MOUNTING electricity prices are taking a toll on local business owners, who say their bills have doubled in the space of just five years.
The NSW Business Chamber has identified rising power prices as a significant barrier to the profitability businesses in regional areas.
The iconic Knights Meats and Deli is just one business to feel the power struggle. Owners James and Deanna McNaughton announced the doors will close for the final time later this month, citing the rising cost of electricity as one reason behind their decision.
The pain of a sky-high power bill is all too familiar for residential consumers - but small businesses feel it worse, paying more per unit of energy and consuming it at higher levels without hardship or payment plan protections available.
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Greg Tooze, of Turvey Tops Butchery, said he has come to expect expensive electricity bills - and with no control over the price hike all he can do is shop for the best deal.
"Our bill would have probably doubled in the last five years. It is not the biggest cost, but the combination of electricity, meat and rent are the biggest burdens," he said.
"Electricity doesn't come cheap so, the best thing we can do is shop around for the best deal. I've changed suppliers at least three times."
Mr Tooze said it is very expensive to operate an independent business in the city and believes the struggle to keep up with the supermarket giants has culled local butchers.
"When I first started in the industry - in 1986 - Wagga had about 26 butcheries, but now there is only six," he said.
"Customers expect us to be competitive with the supermarkets. We use to be able to run specials all the time, but we just can't do that anymore otherwise we will be losing money."
Specialty Grocery Store Duffy Bros Fresh needs large amounts of electricity to keep the business going, says part-owner Frank Rositano.
The total sum of the store's electricity usage comes to about $40,000 for the year.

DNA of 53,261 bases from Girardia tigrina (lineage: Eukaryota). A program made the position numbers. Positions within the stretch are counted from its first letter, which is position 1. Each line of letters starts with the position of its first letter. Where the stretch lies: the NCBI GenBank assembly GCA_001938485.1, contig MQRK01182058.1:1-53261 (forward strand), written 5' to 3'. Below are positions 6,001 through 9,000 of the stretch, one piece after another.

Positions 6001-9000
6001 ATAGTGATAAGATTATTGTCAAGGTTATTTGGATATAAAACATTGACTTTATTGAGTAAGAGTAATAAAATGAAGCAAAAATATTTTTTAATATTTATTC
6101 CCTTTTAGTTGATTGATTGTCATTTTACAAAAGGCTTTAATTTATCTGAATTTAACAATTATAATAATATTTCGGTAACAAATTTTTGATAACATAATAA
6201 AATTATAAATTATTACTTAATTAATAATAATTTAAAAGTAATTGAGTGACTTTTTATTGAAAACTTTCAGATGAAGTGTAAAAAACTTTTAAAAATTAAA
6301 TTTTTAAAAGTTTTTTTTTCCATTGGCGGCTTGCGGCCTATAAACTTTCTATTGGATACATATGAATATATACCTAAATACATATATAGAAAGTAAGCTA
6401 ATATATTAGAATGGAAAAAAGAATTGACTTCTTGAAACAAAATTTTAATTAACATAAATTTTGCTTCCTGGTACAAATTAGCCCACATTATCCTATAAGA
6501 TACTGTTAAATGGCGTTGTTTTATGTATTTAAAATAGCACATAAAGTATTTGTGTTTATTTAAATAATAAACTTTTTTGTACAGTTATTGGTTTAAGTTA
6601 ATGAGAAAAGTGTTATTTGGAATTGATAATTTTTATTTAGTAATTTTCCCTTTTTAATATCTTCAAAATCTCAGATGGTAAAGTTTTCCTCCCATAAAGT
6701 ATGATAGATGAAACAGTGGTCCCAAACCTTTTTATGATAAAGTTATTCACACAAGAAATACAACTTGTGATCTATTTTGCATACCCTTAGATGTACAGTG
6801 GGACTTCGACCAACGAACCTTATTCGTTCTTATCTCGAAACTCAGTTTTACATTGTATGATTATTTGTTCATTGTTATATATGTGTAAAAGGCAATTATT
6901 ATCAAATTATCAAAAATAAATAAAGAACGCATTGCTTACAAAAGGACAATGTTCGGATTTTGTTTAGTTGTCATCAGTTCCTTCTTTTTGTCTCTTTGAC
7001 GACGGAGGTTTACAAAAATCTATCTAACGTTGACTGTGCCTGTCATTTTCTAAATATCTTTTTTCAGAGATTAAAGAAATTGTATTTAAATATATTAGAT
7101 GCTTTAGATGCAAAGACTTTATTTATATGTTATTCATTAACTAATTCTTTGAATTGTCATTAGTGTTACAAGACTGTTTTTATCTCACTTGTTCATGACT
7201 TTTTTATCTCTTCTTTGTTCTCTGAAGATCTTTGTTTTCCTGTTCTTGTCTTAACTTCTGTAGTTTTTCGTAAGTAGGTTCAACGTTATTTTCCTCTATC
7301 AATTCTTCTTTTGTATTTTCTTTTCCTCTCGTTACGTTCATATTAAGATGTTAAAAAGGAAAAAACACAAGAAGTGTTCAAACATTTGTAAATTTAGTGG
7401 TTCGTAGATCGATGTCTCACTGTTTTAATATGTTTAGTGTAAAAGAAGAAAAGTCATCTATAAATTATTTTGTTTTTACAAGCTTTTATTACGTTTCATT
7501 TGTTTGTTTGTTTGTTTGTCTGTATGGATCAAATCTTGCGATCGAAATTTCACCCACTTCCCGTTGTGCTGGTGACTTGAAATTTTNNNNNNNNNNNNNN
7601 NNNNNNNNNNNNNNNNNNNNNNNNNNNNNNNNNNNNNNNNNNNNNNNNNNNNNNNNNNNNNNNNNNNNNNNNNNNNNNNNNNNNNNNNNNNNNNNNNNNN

Mr Rositano said it was a bill that has "certainly got higher" in the past five years.
"For us it's not the biggest cost - we have transport topping that. Getting the produce from Sydney to Wagga is $80 a pallet, when you look at 30 pallets each week it stacks up," he said.
"But, the city will see more local businesses shut in the years to come.
Customers expect us to be competitive with the supermarkets. We use to be able to run specials all the time, but we just can't do that anymore.Greg Tooze
"It is expensive to run a competitive business in regional areas - rent, rates, wages, consumables, utilities - all the bill are not getting cheaper."
NSW Business Chamber's regional manager Andrew Cottrill, for the Murray-Riverina, said the cost of energy has been raised as a constant concern that is holding many businesses back from expanding.
"It is a major concern for a reason - especially when big energy users who are large employers for towns. It is likely they will have to lay people off and in the worse case scenario close down," he said.
"It is a travesty, but what we are urging businesses to do is to use a comparison service because there is evidence that companies are almost always saving money this way.
"We need to focus on the low hanging fruit and find savings where it is easiest. Using a comparison service could be saving businesses up to $10,000 a year - just by making a better deal and there is no obligation to take the deal."